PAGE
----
SDL Auctions held auctions in Birmingham (25th), Derby (26th) and Leicester (27th of March). While the auctions went ahead as planned, they were held behind closed doors following advice on social distancing. .
SDL made several remote bidding options available to buyers and before the auctions managing director and auctioneer Andrew Parker said: “We have not taken this decision lightly but the safety and health of our customers, partners and staff are our primary focus and we felt this was the most appropriate course of action in these unprecedented times.”
Property investors that were interested in purchasing any of the lots were able to submit a telephone, proxy or internet bid, or they could simply watch and listen to the auction in real time by clicking the “watch auction live” link on the website.
Parker says that SDL already uses all of these technologies for every auction and that the remote bidding service is already used by many of the regular buyers. “Our auctions are already filmed for our live video feed and we take multiple remote bids each auction day. In fact, last year we sold in excess of £80m of property online so it’s a system we have proved works well.”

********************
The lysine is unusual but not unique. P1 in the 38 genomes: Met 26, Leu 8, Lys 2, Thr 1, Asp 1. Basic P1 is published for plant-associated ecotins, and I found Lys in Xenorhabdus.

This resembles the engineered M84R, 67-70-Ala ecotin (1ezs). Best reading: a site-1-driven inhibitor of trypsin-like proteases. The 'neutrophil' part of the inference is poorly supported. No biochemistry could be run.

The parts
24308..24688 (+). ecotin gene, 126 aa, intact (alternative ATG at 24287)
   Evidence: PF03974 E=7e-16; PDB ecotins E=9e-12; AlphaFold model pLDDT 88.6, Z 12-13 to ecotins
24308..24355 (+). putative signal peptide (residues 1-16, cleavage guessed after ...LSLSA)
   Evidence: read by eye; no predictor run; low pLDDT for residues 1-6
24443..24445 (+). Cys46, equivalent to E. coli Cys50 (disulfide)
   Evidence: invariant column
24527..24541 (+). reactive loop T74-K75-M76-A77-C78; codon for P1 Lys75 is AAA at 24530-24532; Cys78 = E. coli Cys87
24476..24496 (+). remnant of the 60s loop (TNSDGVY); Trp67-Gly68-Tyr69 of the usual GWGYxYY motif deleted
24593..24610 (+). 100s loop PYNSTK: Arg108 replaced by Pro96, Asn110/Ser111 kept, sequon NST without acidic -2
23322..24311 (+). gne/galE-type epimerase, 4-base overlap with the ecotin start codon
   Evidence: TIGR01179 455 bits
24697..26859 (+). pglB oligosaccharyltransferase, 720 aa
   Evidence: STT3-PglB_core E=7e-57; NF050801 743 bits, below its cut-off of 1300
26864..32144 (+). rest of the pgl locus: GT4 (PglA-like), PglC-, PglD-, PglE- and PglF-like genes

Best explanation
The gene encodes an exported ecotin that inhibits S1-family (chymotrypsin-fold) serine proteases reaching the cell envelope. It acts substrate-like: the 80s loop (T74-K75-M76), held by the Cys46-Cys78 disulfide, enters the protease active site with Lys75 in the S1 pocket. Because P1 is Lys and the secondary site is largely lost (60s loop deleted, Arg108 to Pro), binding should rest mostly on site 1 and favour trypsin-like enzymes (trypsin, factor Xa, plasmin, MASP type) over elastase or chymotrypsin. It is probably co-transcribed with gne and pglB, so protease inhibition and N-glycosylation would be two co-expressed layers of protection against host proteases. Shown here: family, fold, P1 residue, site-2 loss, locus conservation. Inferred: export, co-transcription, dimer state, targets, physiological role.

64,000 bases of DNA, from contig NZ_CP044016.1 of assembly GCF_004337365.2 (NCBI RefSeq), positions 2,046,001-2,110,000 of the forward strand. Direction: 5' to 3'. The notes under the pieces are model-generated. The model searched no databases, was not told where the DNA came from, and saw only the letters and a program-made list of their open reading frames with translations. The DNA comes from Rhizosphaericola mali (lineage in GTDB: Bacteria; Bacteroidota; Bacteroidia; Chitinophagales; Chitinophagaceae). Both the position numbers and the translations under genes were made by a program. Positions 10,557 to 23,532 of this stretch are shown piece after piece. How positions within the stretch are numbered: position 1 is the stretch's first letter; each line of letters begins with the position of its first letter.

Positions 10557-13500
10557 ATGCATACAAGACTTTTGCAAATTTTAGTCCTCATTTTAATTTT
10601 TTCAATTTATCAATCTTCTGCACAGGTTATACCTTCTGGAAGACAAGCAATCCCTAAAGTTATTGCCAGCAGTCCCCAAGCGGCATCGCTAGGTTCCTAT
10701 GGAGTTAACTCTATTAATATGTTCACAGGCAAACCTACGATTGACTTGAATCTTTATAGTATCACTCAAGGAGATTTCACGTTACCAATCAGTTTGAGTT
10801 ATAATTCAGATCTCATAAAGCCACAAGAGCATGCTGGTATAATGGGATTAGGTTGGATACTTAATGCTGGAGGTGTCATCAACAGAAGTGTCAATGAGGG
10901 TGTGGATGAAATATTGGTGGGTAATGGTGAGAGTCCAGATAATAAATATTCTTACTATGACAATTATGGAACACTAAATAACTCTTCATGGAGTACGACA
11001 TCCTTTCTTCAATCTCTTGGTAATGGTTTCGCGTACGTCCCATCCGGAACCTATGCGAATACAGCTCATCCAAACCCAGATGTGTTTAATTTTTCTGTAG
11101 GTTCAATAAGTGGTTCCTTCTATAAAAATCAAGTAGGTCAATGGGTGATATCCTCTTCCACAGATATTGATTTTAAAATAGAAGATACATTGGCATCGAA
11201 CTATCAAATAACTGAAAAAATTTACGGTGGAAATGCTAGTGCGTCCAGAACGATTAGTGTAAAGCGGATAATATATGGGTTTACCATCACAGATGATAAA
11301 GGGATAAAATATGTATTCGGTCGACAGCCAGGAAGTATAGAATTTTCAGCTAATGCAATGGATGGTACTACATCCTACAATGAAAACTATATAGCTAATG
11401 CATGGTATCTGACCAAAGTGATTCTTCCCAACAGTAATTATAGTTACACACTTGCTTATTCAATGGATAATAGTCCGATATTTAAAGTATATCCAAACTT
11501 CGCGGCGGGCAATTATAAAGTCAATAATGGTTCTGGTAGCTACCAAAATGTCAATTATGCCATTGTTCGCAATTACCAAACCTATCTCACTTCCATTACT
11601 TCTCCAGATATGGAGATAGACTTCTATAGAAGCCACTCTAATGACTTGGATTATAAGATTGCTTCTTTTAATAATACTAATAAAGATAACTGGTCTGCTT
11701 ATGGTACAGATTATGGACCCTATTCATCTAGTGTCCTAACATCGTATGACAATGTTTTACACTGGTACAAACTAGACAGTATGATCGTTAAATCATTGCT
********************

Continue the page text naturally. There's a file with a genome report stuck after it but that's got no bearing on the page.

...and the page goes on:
So how did the online auctions go on the day? Were they just as successful as normal (in attendance) auctions?
A huge success thanks to technology
SDL hailed its first week of lockdown a success after raising £7.1m for sellers across all three auctions held behind closed doors. Instead of taking to the rostrum in front of a busy room of people, Parker conducted the auction from the company’s head office in Nottingham.
All three auctions were streamed live via the company’s website and for the 1,850 people watching online very little looked different. More than 400 remote bids were placed, with properties selling for an average of 15% over the guide prices.